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Mom and I settled in for the long stay in the back area of the waiting room as we witnessed patient after patient with family members or friends in tow to endure the hours together with the goal of finding at least some momentary relief from the pain and advance of their cancer.  A giant black man sitting in a wheelchair soon flanked me to my immediate right.  He appeared to be his 70’s, accompanied by his two buddies who had delivered him to the emergency room.  To our left was an extremely ill woman whose body was little more than a skeleton with skin.  She was lying on a hospital gurney wheeled against the wall to wait in agony with her vomit bag resting on her caved chest.  Across the isle from us were more cancer patients, all waiting, hoping for their number to come up soon in the computer in order to receive their treatment.

It was hard to ignore the multiple conversations in such a tight space.  My ear tuned into the conversation to my right between this big black man and his friends.  While I was entertained by much of what was said about how much he could or could not fill his bucket on a daily basis, I gathered the wheelchair bound man had kidney issues caused by his cancer.  I listened to the men talk about the topic for some time, and I tried to find humor in the subject because the rest of the room was over-shadowed with such pain and, for a few, imminent death.

I found it difficult not to stare or engage with my eyes but this man to my right was such a large person with a deep, gentle voice, I felt wooed by the conversation.  After a while, the triage nurse called this man’s name, Roy.   His friend pushed his wheelchair to the door of the triage room, passing him off to the nurse.  The friend came back and sat in his chair with the other man next to him.  After a few minutes, a hospital advocate walked over to our area and began to explain that Roy was experiencing severe kidney failure and asked the men if one of them had planned to stay with him during his time in the ER.  They both looked at her surprised and each one said “no” that they had things to do and would be leaving him alone.  The advocate sternly expressed to them that Roy seemed to be scared to be left alone but her words failed to change the friend’s decisions to leave Roy alone.  I then began to feel a tug in my heart toward this lone, ill man.

I will confess that I did not want to get involved.  I am like most in that I don’t go around looking for opportunities to interact with the marginalized and oppressed.  I don’t want to experience their shame, get my hands dirty or become entangled in the life of one of these needy people because doing so may cost me some inconvenience or worse, my reputation.  I read a book several years ago that made a huge impact on my life in how I viewed people who are different than me.  The title of the book is The Same Kind of Different As Me.   It’s a true story of how a high society art dealer with my same view of keeping a safe distance from the marginalized actually engaged directly with a dangerous homeless drifter and through his months of involvement realized that the two of them were the same kind with little difference between them.  We are all the same in the eyes of Jesus.  I thought intently about this as I watched Roy’s buddies walk out of the hospital leaving him alone in his fear.  I picked up my phone to send a text to my husband, Bill, to tell him that I was in the middle of  a “same kind of different as me” moment.  Something very unusual happened as I typed the word different, the auto-fill on my phone delivered the text with the word “sufferance”.   I was stunned as I glared at the sent text on phone screen – same kind of sufferance as me.  My thoughts began to stir.   Sufferance is by definition, “patient endurance of pain or distress without interference”.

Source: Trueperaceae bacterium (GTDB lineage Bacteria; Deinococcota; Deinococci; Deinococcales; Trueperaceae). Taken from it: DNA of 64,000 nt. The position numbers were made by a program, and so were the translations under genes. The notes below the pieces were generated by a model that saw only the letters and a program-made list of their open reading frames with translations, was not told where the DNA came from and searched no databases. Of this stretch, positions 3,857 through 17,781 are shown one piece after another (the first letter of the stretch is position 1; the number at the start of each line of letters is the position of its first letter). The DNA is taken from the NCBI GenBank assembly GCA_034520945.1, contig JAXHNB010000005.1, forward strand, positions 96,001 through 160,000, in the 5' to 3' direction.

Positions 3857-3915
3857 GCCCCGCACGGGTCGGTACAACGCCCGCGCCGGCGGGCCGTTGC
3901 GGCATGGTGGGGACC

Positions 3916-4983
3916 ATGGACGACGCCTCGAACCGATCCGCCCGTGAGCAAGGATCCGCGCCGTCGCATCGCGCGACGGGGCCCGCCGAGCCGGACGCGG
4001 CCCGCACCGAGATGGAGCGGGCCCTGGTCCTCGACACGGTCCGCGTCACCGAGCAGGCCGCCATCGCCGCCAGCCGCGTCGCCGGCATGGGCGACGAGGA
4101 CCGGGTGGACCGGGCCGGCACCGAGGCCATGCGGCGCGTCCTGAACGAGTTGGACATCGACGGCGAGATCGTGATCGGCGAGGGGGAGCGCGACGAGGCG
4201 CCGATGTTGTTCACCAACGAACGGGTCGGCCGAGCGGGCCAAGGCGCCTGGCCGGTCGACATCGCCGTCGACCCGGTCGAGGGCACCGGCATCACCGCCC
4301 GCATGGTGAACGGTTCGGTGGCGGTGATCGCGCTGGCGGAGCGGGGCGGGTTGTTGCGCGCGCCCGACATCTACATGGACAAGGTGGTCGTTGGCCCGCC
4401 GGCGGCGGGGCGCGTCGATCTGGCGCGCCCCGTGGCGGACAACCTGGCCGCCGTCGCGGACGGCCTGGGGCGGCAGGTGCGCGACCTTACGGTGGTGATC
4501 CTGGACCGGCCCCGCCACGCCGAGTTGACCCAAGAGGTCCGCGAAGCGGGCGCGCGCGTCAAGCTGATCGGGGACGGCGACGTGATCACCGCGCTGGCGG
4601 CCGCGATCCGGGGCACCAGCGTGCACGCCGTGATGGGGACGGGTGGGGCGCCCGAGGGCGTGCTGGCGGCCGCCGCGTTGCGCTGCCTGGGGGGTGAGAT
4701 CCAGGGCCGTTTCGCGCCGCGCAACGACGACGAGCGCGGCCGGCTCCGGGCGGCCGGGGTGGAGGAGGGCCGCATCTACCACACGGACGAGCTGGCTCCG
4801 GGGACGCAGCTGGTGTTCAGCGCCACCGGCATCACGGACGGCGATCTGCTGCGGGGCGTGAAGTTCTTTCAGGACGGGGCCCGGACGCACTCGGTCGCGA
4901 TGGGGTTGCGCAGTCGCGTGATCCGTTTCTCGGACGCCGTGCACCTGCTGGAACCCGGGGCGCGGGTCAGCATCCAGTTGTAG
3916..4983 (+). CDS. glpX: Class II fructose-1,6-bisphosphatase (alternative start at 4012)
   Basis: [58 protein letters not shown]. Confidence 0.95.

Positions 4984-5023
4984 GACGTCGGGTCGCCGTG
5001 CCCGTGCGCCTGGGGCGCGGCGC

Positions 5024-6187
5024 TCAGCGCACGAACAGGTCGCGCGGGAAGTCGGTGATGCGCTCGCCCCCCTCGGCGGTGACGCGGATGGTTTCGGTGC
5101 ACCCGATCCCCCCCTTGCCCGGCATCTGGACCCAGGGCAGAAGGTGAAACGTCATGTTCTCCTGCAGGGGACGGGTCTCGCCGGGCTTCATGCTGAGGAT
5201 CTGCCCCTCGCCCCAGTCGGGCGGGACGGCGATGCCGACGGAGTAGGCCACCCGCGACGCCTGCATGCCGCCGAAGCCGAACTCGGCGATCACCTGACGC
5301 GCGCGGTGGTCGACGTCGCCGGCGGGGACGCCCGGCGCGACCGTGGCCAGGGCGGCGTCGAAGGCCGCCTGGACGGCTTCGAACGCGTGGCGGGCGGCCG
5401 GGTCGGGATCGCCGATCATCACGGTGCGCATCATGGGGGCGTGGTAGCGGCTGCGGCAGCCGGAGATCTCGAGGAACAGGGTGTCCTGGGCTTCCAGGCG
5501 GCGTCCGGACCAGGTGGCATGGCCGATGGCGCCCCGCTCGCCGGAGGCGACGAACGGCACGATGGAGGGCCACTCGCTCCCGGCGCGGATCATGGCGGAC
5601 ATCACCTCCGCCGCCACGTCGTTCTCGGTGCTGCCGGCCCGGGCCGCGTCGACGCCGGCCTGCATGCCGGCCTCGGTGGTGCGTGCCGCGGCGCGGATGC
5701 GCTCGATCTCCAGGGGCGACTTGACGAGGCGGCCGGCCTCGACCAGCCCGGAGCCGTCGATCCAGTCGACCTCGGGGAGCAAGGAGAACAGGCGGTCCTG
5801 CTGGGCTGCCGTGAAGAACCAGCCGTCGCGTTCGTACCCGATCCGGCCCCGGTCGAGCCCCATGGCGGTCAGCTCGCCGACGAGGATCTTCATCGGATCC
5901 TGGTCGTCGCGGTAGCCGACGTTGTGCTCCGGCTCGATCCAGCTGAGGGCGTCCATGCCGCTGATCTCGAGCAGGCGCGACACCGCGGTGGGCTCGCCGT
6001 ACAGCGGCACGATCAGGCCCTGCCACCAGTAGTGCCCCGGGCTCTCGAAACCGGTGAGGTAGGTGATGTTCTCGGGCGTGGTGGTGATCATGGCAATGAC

Jesus calls us to be like him.  He calls us to a life that shares in sufferance.  For many yesterday at MD Anderson, sufferance was through cancer but for me, sufferance was in entering into the life of a needy man, to share in his fear and loneliness.  I began to process more deeply the same kind of sufferance that so many in the room around me were baring.  Myself, a cancer survivor, I can identify a little with some of their sufferance.  However, I didn’t loose my hair like my mom, or my body didn’t shrivel up on a gurney, or I wasn’t abandoned at the hospital by my friends in the emergency room like Roy to fight the cancer fear alone.  I’m extremely grateful that I did not have to endure these types of suffering during my cancer journey.